Don't forget that the NEC puts many valuable features at your disposal. It would be a shame to use it for program listings alone. In fact, most programs that are part of the wide world of Atari software are compatible with this printer. However, some programs, like the old Atari Word processor, are too inflexible to use with the NEC. Newer, more flexible programs are more likely to work, but some study is usually required to get the best possible results from a given combination.

Synapse Software's Filemanager is a very popular database manager for the Atari computers, in part because it makes printer control very easy. With Filemanager 800, for example, you simply use the escape codes listed in the printer manual when the program presents you with the blank line labeled "TITLE AND PRINTER CONTROL." If you were to type in an escape character (by pressing [ESCAPE] twice) and the letter Q on that line, for example, all subsequent output would be printed in the condensed 17-character-per-inch mode. This is a handy way to pack a lot of information onto a 8 1/2-inch-wide piece of paper.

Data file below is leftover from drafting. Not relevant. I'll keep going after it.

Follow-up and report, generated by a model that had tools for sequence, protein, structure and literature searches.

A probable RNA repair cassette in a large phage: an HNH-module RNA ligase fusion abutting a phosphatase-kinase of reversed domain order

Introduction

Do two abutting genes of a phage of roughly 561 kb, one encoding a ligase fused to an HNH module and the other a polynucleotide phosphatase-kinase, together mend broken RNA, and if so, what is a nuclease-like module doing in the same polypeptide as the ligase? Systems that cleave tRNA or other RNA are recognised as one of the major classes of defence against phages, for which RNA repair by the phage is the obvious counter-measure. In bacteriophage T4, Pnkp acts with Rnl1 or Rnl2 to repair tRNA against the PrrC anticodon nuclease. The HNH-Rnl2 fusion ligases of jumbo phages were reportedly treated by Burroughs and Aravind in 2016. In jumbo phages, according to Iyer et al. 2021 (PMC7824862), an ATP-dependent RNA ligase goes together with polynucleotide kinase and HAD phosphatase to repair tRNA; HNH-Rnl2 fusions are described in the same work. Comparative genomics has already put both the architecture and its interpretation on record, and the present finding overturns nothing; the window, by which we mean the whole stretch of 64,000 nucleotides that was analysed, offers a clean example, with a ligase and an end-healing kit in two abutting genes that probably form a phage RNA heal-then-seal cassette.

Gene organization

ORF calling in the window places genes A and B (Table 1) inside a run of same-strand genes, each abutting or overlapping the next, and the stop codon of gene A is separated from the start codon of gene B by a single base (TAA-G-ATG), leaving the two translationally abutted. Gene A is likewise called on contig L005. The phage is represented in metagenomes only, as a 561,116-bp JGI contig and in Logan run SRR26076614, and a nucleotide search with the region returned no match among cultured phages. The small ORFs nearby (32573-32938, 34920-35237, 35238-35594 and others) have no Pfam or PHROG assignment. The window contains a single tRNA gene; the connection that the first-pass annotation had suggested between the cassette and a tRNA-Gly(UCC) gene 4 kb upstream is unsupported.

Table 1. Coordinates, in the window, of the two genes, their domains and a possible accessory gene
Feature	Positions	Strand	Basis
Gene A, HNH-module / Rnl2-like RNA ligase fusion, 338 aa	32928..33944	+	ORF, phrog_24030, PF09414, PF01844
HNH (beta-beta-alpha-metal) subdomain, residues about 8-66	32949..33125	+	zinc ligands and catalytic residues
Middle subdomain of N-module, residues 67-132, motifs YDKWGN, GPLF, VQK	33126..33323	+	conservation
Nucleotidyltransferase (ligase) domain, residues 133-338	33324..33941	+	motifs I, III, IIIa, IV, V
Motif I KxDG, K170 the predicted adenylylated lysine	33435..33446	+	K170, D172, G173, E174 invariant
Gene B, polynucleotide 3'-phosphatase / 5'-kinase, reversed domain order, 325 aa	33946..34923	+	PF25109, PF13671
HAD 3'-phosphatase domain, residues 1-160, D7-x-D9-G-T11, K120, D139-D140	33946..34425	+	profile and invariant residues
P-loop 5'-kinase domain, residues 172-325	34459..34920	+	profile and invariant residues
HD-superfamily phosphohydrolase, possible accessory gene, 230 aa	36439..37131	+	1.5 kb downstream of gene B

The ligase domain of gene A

Many standard software packages make explicit provision for the NEC printer. Datasoft's Graphics Master, for example, works beautifully with the NEC. Some packages, however, require a little more work. Atari's Home Filing Manager is one such example.

The Home Filing Manager database presents data on the screen as dark letters on a white background, thus simulating the appearance of an index card. When this inverse-video data is dumped to the NEC 8023, the printer shifts to a Greek character set that is incomprehensible to most mere mortals. Again, the key to solving this problem rests with our old friends, the DIP switches. By changing Switch 2, Position 7 from the factory-set 8-bit to the 7-bit mode, you can set the printer to accept 7-bit data. The inverse indicator apparently is located in the dropped eighth bit. So we've "tricked" the printer into thinking the inverse characters are actually garden-variety ASCII non-inverse characters. This change does not affect most other operations, but graphic operations normally do require the factory-set, 8-bit position.